In April 1956, a refitted oil tanker carried fifty-eight shipping containers from Newark to Houston. From that modest beginning, container shipping developed into a huge industry that made the boom in global trade possible. The Box tells the dramatic story of the container's creation, the decade of struggle before it was widely adopted, and the sweeping ecomic consequences of the sharp fall in transportation costs that containerization brought about. But the container didn't just happen. Its adoption required huge sums of money, both from private investors and from ports that aspired to be on the leading edge of a new techlogy. It required years of high-stakes bargaining with two of the titans of organized labor, Harry Bridges and Teddy Gleason, as well as delicate negotiations on standards that made it possible for almost any container to travel on any truck or train or ship. Ultimately, it took McLean's success in supplying U.S. forces in Vietnam to persuade the world of the container's potential. Drawing on previously neglected sources, ecomist Marc Levinson shows how the container transformed ecomic geography, devastating traditional ports such as New York and London and fueling the growth of previously obscure ones, such as Oakland. By making shipping so cheap that industry could locate factories far from its customers, the container paved the way for Asia to become the world's workshop and brought consumers a previously unimaginable variety of low-cost products from around the globe. Published in hardcover on the fiftieth anniversary of the first container voyage, this is the first comprehensive history of the shipping container. Now with a new chapter, The Box tells the dramatic story of how the drive and imagination of an icoclastic entrepreneur turned containerization from an impractical idea into a phemen that transformed ecomic geography, slashed transportation costs, and made the boom in global trade possible.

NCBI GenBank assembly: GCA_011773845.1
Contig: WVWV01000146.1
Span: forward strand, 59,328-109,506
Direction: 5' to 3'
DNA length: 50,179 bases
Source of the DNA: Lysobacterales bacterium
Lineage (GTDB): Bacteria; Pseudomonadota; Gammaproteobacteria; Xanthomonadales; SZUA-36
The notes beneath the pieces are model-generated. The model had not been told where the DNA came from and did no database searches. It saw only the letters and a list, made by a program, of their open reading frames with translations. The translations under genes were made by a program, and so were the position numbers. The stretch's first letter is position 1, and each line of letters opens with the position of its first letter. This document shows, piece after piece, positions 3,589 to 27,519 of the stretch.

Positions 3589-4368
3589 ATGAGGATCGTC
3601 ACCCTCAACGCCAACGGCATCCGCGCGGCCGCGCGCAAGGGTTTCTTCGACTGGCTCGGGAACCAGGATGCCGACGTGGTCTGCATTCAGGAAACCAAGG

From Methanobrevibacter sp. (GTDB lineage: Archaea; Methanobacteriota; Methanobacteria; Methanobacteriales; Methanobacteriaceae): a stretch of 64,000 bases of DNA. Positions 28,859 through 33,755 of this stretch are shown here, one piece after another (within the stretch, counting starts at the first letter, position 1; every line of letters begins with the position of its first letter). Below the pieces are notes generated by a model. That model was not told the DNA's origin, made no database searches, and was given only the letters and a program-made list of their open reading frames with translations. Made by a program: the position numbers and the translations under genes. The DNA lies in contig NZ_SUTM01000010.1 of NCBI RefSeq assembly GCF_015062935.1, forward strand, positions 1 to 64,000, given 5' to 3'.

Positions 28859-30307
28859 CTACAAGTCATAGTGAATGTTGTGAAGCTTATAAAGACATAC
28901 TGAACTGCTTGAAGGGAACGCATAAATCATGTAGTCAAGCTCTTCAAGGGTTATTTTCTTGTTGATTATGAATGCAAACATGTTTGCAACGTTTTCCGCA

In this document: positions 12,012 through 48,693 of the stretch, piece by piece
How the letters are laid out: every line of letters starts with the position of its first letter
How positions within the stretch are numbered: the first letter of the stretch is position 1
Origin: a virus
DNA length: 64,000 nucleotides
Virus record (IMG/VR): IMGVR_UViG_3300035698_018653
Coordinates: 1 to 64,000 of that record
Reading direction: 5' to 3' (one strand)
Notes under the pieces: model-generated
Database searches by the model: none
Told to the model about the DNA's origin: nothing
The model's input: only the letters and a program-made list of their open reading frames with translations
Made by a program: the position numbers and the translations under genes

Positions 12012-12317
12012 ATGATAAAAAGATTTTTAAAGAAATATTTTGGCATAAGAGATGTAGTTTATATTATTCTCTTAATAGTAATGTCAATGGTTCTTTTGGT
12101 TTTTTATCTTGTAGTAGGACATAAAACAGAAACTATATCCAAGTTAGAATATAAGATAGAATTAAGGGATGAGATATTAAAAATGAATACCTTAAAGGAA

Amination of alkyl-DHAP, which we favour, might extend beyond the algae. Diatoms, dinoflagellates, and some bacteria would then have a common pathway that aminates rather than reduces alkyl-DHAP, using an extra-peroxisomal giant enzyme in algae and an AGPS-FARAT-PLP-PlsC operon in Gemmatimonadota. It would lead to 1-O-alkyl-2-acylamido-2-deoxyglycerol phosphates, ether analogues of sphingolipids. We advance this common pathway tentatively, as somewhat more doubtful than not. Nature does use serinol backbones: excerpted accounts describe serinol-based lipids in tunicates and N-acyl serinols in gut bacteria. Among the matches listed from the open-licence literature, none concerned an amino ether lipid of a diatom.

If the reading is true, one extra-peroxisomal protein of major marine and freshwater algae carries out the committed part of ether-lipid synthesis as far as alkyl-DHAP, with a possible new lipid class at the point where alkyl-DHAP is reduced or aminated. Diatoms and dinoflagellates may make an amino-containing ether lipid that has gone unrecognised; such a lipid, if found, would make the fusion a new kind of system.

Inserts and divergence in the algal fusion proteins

Marc Levinson is an economist in Washington, DC. He was formerly a senior fellow at the Council on Foreign Relations, an economist at a leading investment bank, and finance and economics editor at The Economist.
Winner of Independent Publisher Book Awards: Finance/Investment/Economics Bronze Award 2007 and Society for Nautical Research: Anderson Medal 2007. Commended for John Lyman Book Award: Science and Technology 2006. Shortlisted for Financial Times/Goldman Sachs Business Book of the Year Award 2013.
Princeton University Press
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Business, Accounting & Vocational: Textbooks & Study Guides
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Country of Publication
Princeton University Press
1 halftone. 1 line illus. 6 tables.
Second with a new chapter by the author
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